A: “Bans on interracial marriage were about keeping two races apart so that one race could oppress the other. Marriage is about bringing two sexes together, so that children get the love of their own mom and a dad, and women don’t get stuck with the enormous disadvantages of parenting alone.” “Having a parent of two different races is just not the same as being deprived of your mother—or your father.”

Truth – Racists believed that interracial marriage would create genetically inferior children. Some opposing marriage equality claim that it would create conditions placing children in danger.

But neither view is backed by science. Children born from interracial relationships are not inferior. In that same vein, the majority of studies which look at children in same-sex households have found that they suffer no adverse effects.

NOM – 3. Why do we need a constitutional amendment? “Isn’t DOMA enough?”

A: “Lawsuits like the one that imposed gay marriage in Massachusetts now threaten marriage in at least 12 other states so far. We need a marriage amendment to settle the issue once and for all, so we don’t have this debate in our face every day. The people get to decide what marriage means. No-end run around the rules by activist judges or grandstanding San-Francisco-style politicians.”

Truth -  Organizations like NOM favor voter referendums where they pour millions of dollars into commercials and flyers which rely on inaccurate studies or the repetition of false horror stories designed to scare people into voting against marriage equality. NOM brags about how people in states like California and Maine voted against marriage equality, but the organization always omits the part about how these voters were manipulated by fears of the “gay agenda coming for their children.” NOM and other organizations opposing marriage equality are probably fearful of defending their arguments in court because as lawyer David Boies said, “the witness stand is lonely place to lie.”  We saw this in the 2010 Proposition 8 trial when no one from NOM testified for the California law banning gay marriage.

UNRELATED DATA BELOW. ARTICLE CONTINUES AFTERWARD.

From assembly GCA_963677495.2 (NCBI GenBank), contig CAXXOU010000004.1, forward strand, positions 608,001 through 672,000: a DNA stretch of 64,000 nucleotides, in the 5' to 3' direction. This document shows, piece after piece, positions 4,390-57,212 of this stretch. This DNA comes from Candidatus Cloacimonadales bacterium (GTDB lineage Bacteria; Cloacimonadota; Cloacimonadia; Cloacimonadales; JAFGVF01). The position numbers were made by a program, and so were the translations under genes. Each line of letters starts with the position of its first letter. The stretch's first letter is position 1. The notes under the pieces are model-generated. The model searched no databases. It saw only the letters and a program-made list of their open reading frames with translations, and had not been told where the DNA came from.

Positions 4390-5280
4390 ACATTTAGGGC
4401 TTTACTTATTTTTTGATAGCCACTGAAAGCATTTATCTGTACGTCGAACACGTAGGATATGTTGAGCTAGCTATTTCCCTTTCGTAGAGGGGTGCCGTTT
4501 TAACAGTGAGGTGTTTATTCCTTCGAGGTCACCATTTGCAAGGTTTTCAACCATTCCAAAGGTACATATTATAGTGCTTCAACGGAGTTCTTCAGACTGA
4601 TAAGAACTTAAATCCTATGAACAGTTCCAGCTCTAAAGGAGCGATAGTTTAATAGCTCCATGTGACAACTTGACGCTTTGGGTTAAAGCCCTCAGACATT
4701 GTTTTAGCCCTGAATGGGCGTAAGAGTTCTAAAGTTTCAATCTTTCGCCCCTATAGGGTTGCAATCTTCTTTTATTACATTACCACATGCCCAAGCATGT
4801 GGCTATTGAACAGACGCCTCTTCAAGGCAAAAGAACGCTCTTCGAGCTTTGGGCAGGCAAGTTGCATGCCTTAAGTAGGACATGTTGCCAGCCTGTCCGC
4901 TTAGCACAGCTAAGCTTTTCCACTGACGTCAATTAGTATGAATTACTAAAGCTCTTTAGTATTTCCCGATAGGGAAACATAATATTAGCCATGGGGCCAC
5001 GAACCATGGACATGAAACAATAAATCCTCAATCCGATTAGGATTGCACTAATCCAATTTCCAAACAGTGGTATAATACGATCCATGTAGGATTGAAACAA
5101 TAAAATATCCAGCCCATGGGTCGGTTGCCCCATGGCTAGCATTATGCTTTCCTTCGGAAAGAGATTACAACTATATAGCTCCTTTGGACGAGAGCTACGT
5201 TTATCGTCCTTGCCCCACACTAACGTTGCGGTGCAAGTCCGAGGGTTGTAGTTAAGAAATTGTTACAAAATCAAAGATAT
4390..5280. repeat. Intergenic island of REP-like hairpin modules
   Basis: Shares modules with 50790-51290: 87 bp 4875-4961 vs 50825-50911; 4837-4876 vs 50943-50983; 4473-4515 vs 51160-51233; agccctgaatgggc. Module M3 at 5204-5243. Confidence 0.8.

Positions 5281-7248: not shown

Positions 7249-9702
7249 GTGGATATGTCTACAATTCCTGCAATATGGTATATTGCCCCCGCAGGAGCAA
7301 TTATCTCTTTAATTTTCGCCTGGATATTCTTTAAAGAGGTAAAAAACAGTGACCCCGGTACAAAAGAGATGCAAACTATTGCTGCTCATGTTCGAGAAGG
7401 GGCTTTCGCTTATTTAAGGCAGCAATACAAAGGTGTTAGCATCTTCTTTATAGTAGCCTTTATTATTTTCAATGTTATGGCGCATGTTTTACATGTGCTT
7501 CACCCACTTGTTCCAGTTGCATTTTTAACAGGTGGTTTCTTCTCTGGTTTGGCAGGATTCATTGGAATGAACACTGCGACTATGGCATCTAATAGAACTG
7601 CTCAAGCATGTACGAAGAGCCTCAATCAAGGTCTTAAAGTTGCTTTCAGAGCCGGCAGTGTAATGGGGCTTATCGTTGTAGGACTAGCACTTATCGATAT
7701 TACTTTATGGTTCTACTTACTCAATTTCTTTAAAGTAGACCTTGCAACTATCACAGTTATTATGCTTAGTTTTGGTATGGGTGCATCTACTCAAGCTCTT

NOM – 4. What’s the harm from SSM? “How can Adam and Steve hurt your marriage?”

A: “Who gets harmed? The people of this state who lose our right to define marriage as the union of husband and wife, that’s who. That is just not right.”

Truth – What about the rights of same-sex couples? Also, according to the 2000 U.S. Census, 33 percent of female same-sex couple households and 22 percent of male same-sex couple households reported at least one child under eighteen living in their home and no doubt, that number has increased. And according to Gary Gates, a demographer at the University of California, Los Angeles, Black or Latino gay couples are twice as likely as whites to be raising children. What about the rights of these families?

NOM – “If courts rule that same-sex marriage is a civil right, then, people like you and me who believe children need moms and dads will be treated like bigots and racists.”

Truth – This is a distortion. Same-sex households are not in competition with heterosexual households. Children need family environments which give them love and support.

NOM – “Religious groups like Catholic Charities or the Salvation Army may lose their tax exemptions, or be denied the use of parks and other public facilities, unless they endorse gay marriage.”

Truth -  No religious group (or any individual for that matter) will be forced toendorse anything.  Those are just words used to scare people. And tax exemption controversies have nothing to do with marriage equality, but rather how far should religious exemptions go if religious charities demanding these exemptions are using tax dollars. For example, is it fair for Catholic Charities in Illinois to have the right not to allow gays to adopt children they care for even if these charities are receiving over $30 million in tax dollars (after all, the gay community does pay taxes).